At Roboto on Sunday, a F*ck Ted Nugent Extravaganza | FFW>>

At Roboto on Sunday, a F*ck Ted Nugent Extravaganza

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The Mr. Roboto Project in Bloomfield will be hosting a "F*ck Ted Nugent Extravaganza," on Sun., Aug. 20, the same evening the actual Ted Nugent will be performing at The Palace Theatre in Greensburg.

Brian Bartels, who spearheaded the event, says he knew he wanted to plan an alternative event when he heard what Nugent stood for.

“I got the idea for the event when I first saw that Ted Nugent was performing in Pittsburgh,” Bartels says. “I vaguely knew who he was, but decided to learn more about him after seeing the ad.”

Nugent is deeply conservative with a penchant for offensive and controversial statements, spreading extreme ideas to his audiences via social media and on stage.

“I read about him calling gay people despicable, calling foreigners scum, referring to feminists as ‘fat pigs’ and even flat-out saying the world would be a better place if we killed Muslims,” Bartels says. “It was disheartening to read, but it gave me the idea to put together a show to counter his, ours having a positive message to counter his negativity.”

Bartels was not alone in his vision. Other performers, vendors, and planners were eager to get involved.

“When I got the idea for the show, I teamed up with a friend of mine in Down They Fall, Gage Vota, and the board members at The Mr. Roboto Project to host the event,” Bartels says.

“Every musician, speaker and vendor on the lineup has helped contribute to the planning process in one way or another. The event is very unique compared to the shows I usually put together, because of all of the different types of people involved — from The Vegan Goddess selling baked goods to raise money for our cause, to Makayla Montarti reading poems and sharing her perspective with the audience — there is a lot more to expect than just music,” Bartels says.

Down They Fall, the brainchild of Gage Vota, is a solo pop-folk project out of St. Clairsville, Ohio, that he has been working on since 2011. His tour is ending one day later so this show can be the finale. A lot of his songs deal with depression, which made a politically charged event such as F*ck Ted Nugent something Vota wanted to be involved with.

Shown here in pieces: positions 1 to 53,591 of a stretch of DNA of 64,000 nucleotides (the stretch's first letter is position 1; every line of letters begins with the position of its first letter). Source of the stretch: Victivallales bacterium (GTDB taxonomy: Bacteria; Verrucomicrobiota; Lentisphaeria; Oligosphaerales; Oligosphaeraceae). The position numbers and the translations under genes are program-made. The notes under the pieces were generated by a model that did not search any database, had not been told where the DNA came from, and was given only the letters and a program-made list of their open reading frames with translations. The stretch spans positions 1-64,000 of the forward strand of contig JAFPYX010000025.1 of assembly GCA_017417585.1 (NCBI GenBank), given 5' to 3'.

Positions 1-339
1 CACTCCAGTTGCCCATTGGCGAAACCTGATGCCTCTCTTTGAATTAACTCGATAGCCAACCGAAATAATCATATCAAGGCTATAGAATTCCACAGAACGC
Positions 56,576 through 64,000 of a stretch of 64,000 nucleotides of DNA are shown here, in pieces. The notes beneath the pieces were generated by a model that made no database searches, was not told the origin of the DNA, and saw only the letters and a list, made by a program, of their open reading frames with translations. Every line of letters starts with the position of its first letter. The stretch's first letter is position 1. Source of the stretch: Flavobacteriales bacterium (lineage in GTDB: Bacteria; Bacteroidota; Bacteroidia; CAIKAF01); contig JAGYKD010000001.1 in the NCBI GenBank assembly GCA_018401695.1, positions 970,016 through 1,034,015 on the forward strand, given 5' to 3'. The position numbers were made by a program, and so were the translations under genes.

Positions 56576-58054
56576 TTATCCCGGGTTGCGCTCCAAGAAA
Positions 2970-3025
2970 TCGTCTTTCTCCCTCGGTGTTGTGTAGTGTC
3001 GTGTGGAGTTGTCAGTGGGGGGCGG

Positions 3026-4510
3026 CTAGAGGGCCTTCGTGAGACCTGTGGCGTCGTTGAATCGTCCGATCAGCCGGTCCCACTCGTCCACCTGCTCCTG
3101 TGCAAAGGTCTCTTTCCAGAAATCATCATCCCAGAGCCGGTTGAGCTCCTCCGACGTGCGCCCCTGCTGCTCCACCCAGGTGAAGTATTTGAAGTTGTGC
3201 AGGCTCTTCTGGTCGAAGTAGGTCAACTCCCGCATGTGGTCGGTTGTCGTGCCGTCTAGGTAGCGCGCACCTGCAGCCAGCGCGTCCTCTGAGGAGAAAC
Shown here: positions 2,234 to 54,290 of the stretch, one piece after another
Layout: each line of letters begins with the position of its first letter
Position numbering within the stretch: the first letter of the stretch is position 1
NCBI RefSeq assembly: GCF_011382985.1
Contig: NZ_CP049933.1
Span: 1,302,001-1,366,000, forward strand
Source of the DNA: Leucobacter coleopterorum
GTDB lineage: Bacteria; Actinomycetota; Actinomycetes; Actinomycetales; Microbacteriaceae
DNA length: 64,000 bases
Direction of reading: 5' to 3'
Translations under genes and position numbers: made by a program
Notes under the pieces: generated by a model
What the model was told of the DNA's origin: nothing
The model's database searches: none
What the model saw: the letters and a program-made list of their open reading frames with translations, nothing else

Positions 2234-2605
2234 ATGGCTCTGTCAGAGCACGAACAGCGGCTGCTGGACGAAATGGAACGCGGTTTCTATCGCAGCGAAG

“We really want people to know that a lot of people go through this, and we can all come together as a community and help each other out,” Vota says. “The music scene is a community, and we have to stand up against people like Ted Nugent who thinks it’s OK to oppress people.”

The underlying goal of the show is to fundraise for groups supporting people whom Nugent's words are target. All funds from the $5 ticket sales are going to be donated to organizations including Pittsburgh Refugee & Immigrant Assistance Center, Pittsburgh Action Against Rape, Community Assistance Council of American Islamic Relations Pennsylvania, and The Gay and Lesbian Community Center of Pittsburgh.

Headlining the event will be punk-rock trio Almost Extinct from Pittsburgh, followed by Down They Fall, and local folk artist Rowan Erikson. The event will also include support from Evad and the Ominous Squad, The Benefits of Being Happy, Lokal Foreners, Jaywalking in Venice, Pigpen, littlegoodbad, and guest speaker and writer, Makayla Montarti. More artists are still to be announced.

Though the response has been mostly positive within the city, backlash online from Nugent’s fans is not absent.

“We’ve been called overdramatic and oversensitive for reacting in the way that we have, but that is all expected when you’re speaking out against a person with a following as big as Ted Nugent has,” Bartels says. “Overall, we’ve gotten mostly positive reactions to the event. The artists and vendors that I’ve reached out to have all been excited about the idea of coming together as a community to stand up against racism, misogyny, homophobia and bigotry together.”

The Mr. Roboto Project are welcoming promoters of love, positivity and acceptance. Doors open at 5 p.m., and the show will begin at 5:30 p.m.

“The shows I put together are usually very small and intimate, so I want to keep that same atmosphere while still getting the venue packed,” Bartels says. “The idea started as a simple punk show, but through the planning process, it’s grown into what it is now with all of the help and ideas from everyone contributing.”




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